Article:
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This page contains a single entry from the blog posted on March 6, 2013 12:41 PM. The previous post in this blog was Breaking news: The Newhouses are rich. The next post in this blog is Money down a rat hole, cont'd. Many more can be found on the main index page or by looking through the archives.

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Wednesday, March 6, 2013

Big Brother figures out what's wrong with you

This is fascinating and frightening at the same time.

Comments (6)

Similar to the Google flu trends system, which tracks web searches related to flu-related information according to region, and uses it to generate a different kind of look at the spread of influenza.

http://articles.latimes.com/2002/feb/20/news/mn-28924
Antidepressant drugs are prescribed in Utah more often than in any other state, at a rate nearly twice the national average. . . . .
Other states with high antidepressant use were Maine and Oregon.

http://psychcentral.com/news/2011/10/25/antidepressant-use-up-400-percent-in-us/30677.html
Antidepressant Use Up 400 Percent in US
By Janice Wood Associate News Editor
Reviewed by John M. Grohol, Psy.D. on October 25, 2011
The rate of antidepressant use in the United States increased nearly 400 percent over the last two decades, according to a report released Oct. 19.
The report from the Centers for Disease Control and Prevention’s National Center for Health Statistics found that 11 percent of Americans over the age of 12 takes an antidepressant, with about 14 percent taking the medication for more than 10 years.

It would be interesting to find out the current numbers of use in our state. Has the use here also gone up 400%?

It seems the NY Times is extraneous of this story, verifying the report, which is provided at chairman Altman's bio lab in Stanford.
So any internet-connected earthling in the whole world can and may get the news at the source while never never ever in mind of the NY Times.

But, perhaps one 'netted' earthling can not possibly see all news from all bio labs, say, real-time and live, so someone like an editor on the pay of some institution like the NY Times which sees ALL news and chooses selections to reprint as internet echo.

Maybe such (newspaper) 'popular' publication is a valuable service for people of a certain mind (in a hurry daily).
And equally Maybe, such editor selecting 'popular' news is, in effect, making incarnate Big Brother -- he or she personifies Big Brother ... and directing or controlling your life or your thoughts, (or however Big Brother 'influence' affects an earthling), more by news (void) selected out, (defining unpopular), and less affective with news selected in defining 'popular' (popular of, by, and for Big Brother, that is, 'figuring out').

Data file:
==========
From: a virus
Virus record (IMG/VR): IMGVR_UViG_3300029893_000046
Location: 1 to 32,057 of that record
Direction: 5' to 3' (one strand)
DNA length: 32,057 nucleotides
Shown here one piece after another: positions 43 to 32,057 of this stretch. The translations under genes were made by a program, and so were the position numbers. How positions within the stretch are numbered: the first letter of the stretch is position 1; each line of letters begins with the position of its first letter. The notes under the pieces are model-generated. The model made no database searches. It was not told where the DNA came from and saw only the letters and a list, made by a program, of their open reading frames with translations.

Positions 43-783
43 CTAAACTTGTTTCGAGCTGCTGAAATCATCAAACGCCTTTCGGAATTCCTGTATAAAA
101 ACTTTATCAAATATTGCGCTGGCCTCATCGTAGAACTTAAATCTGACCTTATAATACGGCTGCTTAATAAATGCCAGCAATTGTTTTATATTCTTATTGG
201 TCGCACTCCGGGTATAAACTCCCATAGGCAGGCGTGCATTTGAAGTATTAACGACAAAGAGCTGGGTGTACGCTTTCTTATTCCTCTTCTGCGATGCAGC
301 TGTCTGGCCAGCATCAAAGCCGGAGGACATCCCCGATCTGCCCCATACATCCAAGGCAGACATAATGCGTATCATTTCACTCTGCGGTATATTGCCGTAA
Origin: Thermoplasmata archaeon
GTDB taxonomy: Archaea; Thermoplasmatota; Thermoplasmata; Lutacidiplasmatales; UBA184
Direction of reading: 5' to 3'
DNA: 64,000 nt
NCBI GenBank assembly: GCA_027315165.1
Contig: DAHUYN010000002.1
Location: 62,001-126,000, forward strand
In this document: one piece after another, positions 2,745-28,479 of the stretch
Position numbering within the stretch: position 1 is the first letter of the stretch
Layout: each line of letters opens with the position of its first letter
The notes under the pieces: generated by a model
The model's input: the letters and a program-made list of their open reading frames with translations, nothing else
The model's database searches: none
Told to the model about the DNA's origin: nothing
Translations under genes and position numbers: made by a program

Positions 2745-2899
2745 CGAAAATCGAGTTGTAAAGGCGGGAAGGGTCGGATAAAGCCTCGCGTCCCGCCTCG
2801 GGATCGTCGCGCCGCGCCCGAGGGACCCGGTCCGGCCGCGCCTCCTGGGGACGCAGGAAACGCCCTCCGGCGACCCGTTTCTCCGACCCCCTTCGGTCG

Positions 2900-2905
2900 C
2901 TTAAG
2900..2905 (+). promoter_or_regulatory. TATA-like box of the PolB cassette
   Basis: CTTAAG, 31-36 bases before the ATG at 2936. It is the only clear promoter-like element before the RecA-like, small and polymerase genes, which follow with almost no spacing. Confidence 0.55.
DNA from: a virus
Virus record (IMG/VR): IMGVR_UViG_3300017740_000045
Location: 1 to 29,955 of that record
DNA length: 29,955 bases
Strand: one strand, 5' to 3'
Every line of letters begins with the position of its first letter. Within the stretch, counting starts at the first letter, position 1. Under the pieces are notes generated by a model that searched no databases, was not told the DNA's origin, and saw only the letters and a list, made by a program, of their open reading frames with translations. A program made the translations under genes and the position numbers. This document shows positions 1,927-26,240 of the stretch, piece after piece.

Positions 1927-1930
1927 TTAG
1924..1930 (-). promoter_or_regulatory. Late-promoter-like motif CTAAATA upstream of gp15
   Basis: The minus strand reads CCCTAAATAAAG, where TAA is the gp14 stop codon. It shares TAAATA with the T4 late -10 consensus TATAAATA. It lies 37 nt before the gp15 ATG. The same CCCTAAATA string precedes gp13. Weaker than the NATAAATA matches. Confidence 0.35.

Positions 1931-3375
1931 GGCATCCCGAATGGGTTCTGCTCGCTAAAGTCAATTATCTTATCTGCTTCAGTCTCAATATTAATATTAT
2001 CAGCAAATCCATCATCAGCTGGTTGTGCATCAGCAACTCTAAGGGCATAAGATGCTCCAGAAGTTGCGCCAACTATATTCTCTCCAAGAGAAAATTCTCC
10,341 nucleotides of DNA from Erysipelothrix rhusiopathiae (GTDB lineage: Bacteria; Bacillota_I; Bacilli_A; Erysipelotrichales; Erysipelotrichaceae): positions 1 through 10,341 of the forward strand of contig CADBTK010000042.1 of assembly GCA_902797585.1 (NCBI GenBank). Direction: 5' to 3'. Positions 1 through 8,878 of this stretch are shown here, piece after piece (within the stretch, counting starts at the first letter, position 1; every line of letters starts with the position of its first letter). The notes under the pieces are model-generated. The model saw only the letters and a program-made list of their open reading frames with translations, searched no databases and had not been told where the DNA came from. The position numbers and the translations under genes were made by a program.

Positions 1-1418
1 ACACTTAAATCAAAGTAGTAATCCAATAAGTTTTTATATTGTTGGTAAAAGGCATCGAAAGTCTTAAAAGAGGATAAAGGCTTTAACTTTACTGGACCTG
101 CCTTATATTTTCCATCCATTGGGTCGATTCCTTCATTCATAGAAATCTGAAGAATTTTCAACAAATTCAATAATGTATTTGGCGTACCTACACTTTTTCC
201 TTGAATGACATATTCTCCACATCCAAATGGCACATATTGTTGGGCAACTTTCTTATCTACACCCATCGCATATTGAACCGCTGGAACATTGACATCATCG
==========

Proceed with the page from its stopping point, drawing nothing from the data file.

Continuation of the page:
It hardly works (for me) to imagine Will Rogers in today's newsworld, 'netted'earthling, saying an update of his popular quote, like, 'all I know is what I read in the internet.'

Back in the Eighties, I was friends with a considerable number of University of Texas students, all living in Austin. Every last one had various stories of being broke and needing money for everything from a surprise trip back home to a new guitar, so they'd all volunteer for drug testing at a big testing facility in Austin. Most would spend anywhere from a weekend to a week on a particular regimen, with the idea that they'd get paid a predetermined amount at the end of the study.

What scared me about this was a regular theme in the tales. I made the acquaintance of several research physicians since then, some of whom who both worked as volunteers as students and ran their own tests as doctors, and they all told me over and over that they wanted to know any and all side effects of new medications. They kept emphasizing that they'd never remove someone from testing for bad side effects and then not pay them for their trouble, and they found the idea of kicking out a volunteer without pay so unethical as to be physically disgusting to them. That didn't keep them, or my other friends, from relating that constant fear that they'd get a doctor with such pressure to show positive results on a new drug that s/he wouldn't try to sweeten the research by removing the negative results. And if removing the negative results meant subtle or overt threats not to admit to previously known side effects on pain of not getting paid, well, it's better to ignore the suicidal thoughts or sudden tremors long enough to get the check and get out of there.

In subsequent years, I've thought about that a lot, especially when looking at the number of antidepressants pulled off the market due to various nasty side effects. Someone approved these based on human research, but how do we know how many bad drugs were approved because some college student needed the cash and either knew or assumed that he wouldn't get it if he flunked out?

Apparently 80% of antidepressants are prescribed by Primary Care and Internal Med. doctors when they should be prescribed only by Psychiatrists trained to wrap their head around those drugs with the available information they have.

Antidepressants can do irreparable damage,
also withdrawals making them difficult to titrate off of.

It would be interesting to find out the current numbers of use in our state.

I am asking again, is there anyone who has stats on the anti-depressant use in Oregon?


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